TRENTON, N.J. — Eight residents of a nursing home in northern New Jersey have died from COVID-19, and the total number of deaths in the state approaches 200, officials said.
Wanaque Mayor Michael Mahler said in a letter on the town’s website that the community nurse notified him that the deaths occurred at Lakeland nursing home and that other residents and staff members also were infected.
Meanwhile, Gov. Phil Murphy said Monday that the number of positive cases was nearly 17,000, and there were 198 deaths so far, up from 161.
The number of nursing homes with positive COVID-19 cases continues to climb, Health Commissioner Judy Persichilli said. There are positive cases now in 73 of the state’s 375 facilities. Last week the figure was just over a dozen.
For most people, the coronavirus causes mild or moderate symptoms, such as fever and cough that clear up in two to three weeks. For some, especially older adults and people with existing health problems, it can cause more severe illness, including pneumonia, or death.
A look at other developments:
Brew pubs, auto retail and guns
New Jersey brew pubs will now be able to deliver, Murphy said Monday. The state’s Division of Alcoholic Beverage Control had previously barred such delivery.
He also said that auto retailers would be permitted to conduct online sales, with customers allowed to pick up vehicles at dealers or for dealers to deliver.
Gun retailers, which were shuttered, will now be able to reopen but by appointment only, Murphy said. He said the decision wasn’t his but came from guidance from the White House.
Toll hike public meeting
The New Jersey agency that operates the Atlantic City Expressway will hold meetings on Wednesday and Thursday to consider toll increases, but the forums will be livestreamed because of the COVID-19 outbreak.
In a statement, the South Jersey Transportation Authority said two meetings planned for Wednesday and a third on Thursday would move from in-person to online at sjta.com.
The toll hikes are for capital projects and would be financed by average toll increases of 57 cents at most. The authority is also considering automatic toll increases of at most 3% annually beginning in 2022.
The toll money would be used for capital projects, including roadway resurfacing and changes to lighting, according to the public notice about the meeting.
A trip on the expressway from Camden County in suburban Philadelphia to Atlantic City currently costs $3.75.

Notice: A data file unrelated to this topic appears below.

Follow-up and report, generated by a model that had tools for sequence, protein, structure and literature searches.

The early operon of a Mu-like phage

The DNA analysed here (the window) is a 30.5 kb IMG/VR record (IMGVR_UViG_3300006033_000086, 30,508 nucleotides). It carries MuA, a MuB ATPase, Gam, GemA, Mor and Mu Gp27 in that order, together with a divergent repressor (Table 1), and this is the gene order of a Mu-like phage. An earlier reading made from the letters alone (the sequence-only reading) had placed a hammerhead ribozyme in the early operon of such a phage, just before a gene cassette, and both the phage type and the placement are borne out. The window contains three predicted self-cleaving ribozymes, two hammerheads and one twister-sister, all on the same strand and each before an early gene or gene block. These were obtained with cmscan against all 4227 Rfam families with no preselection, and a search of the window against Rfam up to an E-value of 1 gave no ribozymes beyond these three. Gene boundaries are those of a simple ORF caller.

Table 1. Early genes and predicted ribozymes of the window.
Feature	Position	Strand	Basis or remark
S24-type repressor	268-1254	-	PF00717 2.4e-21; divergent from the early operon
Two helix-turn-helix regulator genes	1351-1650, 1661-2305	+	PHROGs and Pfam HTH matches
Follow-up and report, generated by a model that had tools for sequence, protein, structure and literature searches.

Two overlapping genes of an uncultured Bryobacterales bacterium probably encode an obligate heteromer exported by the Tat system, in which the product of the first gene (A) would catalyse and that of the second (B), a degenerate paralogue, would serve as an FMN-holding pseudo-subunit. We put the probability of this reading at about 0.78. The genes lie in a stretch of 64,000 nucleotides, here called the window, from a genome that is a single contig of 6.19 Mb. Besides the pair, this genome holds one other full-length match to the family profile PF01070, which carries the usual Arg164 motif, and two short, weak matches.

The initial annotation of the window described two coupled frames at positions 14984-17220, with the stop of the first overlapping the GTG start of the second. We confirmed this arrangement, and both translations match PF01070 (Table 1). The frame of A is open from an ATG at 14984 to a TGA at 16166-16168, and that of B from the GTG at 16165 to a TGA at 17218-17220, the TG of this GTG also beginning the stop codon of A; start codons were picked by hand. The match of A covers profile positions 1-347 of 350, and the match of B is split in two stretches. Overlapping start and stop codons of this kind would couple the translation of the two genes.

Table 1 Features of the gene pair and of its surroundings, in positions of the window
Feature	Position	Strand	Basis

The proposed toll increase come just weeks after the New Jersey Turnpike Authority held similar meetings, which were livestreamed so the public could watch, to consider toll increases. The turnpike authority wants to raise tolls by up to 36% on the turnpike and up to 27% on the Garden State Parkway.
Murphy, a Democrat, said in a tweet that 300 ventilators are on their way to New Jersey from the national stockpile.
Murphy said he spoke with the White House about the need for the equipment in multiple conversations. He said they are the state’s No. 1 need.
He has said the state needs 2,300 ventilators from the federal government.
Belmar officials decided Monday to close the beach’s boardwalk, one of the most heavily trafficked spots at the Jersey Shore in recent weeks.
The borough will still allow people to use the beach, but police will monitor them to ensure they observe social distancing.
Belmar’s boardwalk is one of the more narrow oceanfront walkways at the shore and has been drawing heavy crowds recently, particularly as other shore towns closed their own boardwalks.
Liquor store reopens
A liquor store that was inundated with residents of Pennsylvania, where the state has closed the wine and hard-alcohol shops it runs, has reopened, the store’s manager told NJ.com.
Johnny Canal said he decided to close the Pennsauken store last week after it was swamped by residents from Pennsylvania over concerns that customers were not adhering to social-distancing precautions.
The store reopened after it updated a sign outside saying that “Social Distancing Saves Lives,” and employees directed customers where to stand in line.
Ocean City rentals
In Ocean City, Mayor Jay Gillian said he has spoken with leaders of the resort’s real estate community, who agreed to halt all short-term rentals.
He asked private property owners to do likewise, citing an executive order by governor prohibiting online marketplaces from offering rentals during the virus outbreak.
In a message to residents issued Sunday night, Gillian said: “Although Ocean City ordinarily welcomes all visitors, at this time we must take all available steps to enforce social distancing recommendations and limit nonessential travel to Ocean City.”